FIG. 1 shows a signal generator for use with the present television transmission system, an input 1 of the signal generator receiving the luminance information of a television signal which is to be transmitted. This television signal may have 625 lines with a field frequency of 50 Hz, which each picture or frame comprising two interlaced fields and derived from a standard broadcast quality camera or other suitable source. Alternatively the television signal may be a high definition television (HDTV) signal of 1249 lines interlaced over two fields with the same field frequency of 50 Hz or could be a 625 line non-interlaced signal whose single field rate is 50 Hz. In the two latter cases the television signal, after processing, could be down-converted for transmission over a transmission channel of restricted bandwith e.g. down-converted to 625 lines interlaced of 50 Hz field frequency. The luminance information at input 1 is applied to a memory 2 capable of storing a picture of the television signal, the output of the memory 2 being applied to a first input of a movement estimator 3 a second input of which receives the undelayed luminance information present at input 1. The output of the movement estimator 3 is applied to an input of a dominant vector selector 4 whose output is applied to a first input of an encoding circuit 5. A second input of the encoding circuit 5 receives the luminance information present at input 1 while a third input receives from a further input 6 the colour information of the television signal.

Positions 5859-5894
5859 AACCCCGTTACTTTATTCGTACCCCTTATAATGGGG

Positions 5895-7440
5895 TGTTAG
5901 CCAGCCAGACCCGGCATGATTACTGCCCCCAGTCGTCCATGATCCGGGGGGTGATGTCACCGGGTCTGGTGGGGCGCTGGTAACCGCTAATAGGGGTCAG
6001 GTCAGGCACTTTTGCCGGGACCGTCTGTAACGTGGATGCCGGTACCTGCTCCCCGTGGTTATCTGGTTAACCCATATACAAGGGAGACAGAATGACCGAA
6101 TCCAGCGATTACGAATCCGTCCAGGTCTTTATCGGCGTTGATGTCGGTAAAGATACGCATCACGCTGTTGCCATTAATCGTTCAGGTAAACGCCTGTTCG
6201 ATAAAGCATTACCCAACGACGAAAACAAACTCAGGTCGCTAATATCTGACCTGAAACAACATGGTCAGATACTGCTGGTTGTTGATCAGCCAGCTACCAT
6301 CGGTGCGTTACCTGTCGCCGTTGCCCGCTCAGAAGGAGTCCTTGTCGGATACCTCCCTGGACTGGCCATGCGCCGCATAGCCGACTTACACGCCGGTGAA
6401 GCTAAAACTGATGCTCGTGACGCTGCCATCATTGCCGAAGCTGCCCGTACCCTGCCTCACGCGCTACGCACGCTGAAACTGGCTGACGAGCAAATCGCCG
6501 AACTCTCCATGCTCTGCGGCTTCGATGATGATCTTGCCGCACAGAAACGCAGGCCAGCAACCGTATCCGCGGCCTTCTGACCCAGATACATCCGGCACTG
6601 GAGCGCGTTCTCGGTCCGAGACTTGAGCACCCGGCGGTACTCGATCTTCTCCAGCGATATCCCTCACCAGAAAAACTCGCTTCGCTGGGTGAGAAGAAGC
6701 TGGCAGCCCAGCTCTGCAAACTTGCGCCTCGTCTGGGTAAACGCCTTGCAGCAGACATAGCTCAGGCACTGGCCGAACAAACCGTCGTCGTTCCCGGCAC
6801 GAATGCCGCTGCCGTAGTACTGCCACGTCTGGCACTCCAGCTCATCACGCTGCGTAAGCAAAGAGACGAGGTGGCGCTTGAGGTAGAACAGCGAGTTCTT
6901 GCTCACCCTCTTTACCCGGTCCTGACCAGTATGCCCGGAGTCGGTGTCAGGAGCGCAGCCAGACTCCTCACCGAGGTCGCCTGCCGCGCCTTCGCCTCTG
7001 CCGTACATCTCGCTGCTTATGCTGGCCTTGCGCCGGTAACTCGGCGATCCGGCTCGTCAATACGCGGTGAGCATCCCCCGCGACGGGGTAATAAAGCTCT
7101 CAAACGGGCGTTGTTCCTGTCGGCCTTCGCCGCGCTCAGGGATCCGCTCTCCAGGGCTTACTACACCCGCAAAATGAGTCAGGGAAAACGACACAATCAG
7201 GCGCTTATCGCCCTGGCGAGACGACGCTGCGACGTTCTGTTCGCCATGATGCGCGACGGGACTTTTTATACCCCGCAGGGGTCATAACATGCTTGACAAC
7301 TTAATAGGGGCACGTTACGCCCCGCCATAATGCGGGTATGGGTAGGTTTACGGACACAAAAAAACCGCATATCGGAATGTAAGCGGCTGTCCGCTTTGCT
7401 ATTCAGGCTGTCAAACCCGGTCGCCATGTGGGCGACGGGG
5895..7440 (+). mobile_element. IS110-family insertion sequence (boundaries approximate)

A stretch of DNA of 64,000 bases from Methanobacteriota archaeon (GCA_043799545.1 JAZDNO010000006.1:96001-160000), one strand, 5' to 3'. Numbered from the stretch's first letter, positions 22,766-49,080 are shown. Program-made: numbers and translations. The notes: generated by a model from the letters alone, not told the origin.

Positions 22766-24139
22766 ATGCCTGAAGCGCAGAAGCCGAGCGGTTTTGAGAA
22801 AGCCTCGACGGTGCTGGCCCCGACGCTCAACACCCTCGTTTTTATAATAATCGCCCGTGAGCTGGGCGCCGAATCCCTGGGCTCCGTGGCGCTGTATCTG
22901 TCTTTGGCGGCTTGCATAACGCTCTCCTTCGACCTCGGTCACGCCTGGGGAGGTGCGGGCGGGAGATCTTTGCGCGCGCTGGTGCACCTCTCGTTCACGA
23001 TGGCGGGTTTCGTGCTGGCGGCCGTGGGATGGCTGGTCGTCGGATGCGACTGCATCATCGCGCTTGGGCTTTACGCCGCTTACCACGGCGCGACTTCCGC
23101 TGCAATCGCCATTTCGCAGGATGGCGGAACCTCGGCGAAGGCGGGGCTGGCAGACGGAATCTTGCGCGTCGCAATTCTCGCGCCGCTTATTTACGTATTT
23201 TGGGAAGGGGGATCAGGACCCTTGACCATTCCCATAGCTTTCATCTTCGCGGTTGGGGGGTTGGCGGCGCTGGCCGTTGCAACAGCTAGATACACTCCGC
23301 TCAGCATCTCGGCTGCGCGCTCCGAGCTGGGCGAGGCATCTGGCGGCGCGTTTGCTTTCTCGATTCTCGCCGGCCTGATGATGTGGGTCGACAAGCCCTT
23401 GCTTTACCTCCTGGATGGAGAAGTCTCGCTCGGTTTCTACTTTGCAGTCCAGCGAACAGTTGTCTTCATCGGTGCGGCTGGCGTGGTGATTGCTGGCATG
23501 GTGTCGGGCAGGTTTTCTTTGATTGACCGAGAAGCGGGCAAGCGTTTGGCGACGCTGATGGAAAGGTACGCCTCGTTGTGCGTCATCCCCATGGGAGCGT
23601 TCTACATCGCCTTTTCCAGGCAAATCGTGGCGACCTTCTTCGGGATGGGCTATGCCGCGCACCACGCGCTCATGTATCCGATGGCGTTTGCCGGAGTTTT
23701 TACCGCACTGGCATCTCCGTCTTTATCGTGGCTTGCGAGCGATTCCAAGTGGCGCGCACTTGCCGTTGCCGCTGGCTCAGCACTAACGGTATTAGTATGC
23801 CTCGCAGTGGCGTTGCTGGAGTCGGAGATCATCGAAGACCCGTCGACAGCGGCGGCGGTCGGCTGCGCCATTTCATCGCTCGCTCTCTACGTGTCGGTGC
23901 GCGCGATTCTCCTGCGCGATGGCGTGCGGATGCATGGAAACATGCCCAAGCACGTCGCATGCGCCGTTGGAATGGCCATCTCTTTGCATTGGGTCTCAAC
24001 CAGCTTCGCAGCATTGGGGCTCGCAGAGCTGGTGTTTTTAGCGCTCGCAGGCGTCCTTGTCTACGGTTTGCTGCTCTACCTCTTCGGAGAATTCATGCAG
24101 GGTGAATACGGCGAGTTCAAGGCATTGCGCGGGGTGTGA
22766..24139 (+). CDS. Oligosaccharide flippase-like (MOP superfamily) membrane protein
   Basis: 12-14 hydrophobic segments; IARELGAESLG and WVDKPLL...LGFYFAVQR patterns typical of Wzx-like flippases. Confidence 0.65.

In operation the movement estimator 3 divides the current field of luminance information present at input 1 into adjacent blocks of 8 pixels by 8 field lines and compares each block with a block of the same size in the corresponding field in the previous picture obtained from memory 2 within a limited area surrounding the block position under investigation. If a match, within given limits, is found between compared blocks then a motion vector is assigned to the block in the current field whose value is given by the displacement of the matched block in the said corresponding field. The resulting motion vectors are applied to the dominant vector selector 4 where the motion vectors for a region in the field comprising several, say nine, blocks are assessed and a limited number, say four, of the most dominant motion vectors are selected for that region, the picture having been notionally divided into a number of regions each of a given number of pixels and a given number of lines, say 24 pixels by 24 lines. However neither the blocks nor the regions need to be regular or rectangular. As an alternative the motion vectors assigned to a region may be selected from motion vectors for blocks both inside and adjacent to but not necessarily immediately adjacent to a region. For a 625 line, 50 Hz field rate interlaced picture having 720 luminance samples per active line and 288 active lines per field the number of regions for a field would be 360 which would mean that 1440 dominant motion vectors would be produced for each field. If it is assumed that the encoding circuit 5 produces a television signal according to the specification for one of the MAC packet family then the dominant motion vectors applied to the first input of the encoding circuit could form one data service of the data burst or form part of the vertical blanking interval. This resulting number of motion vectors per field is less than half that required for a previously proposed system where a motion vector was transmitted for every block. The second and third inputs respectively receive the luminance and colour information from the inputs 1 and 6 and the encoding circuit assembles the motion vectors as motion information, together with other data, into the data burst and the luminance and colour information into the vision portion to form a MAC signal. The resulting MAC signal output from the encoding circuit 5 is applied to a transmission channel indicated by the reference 7.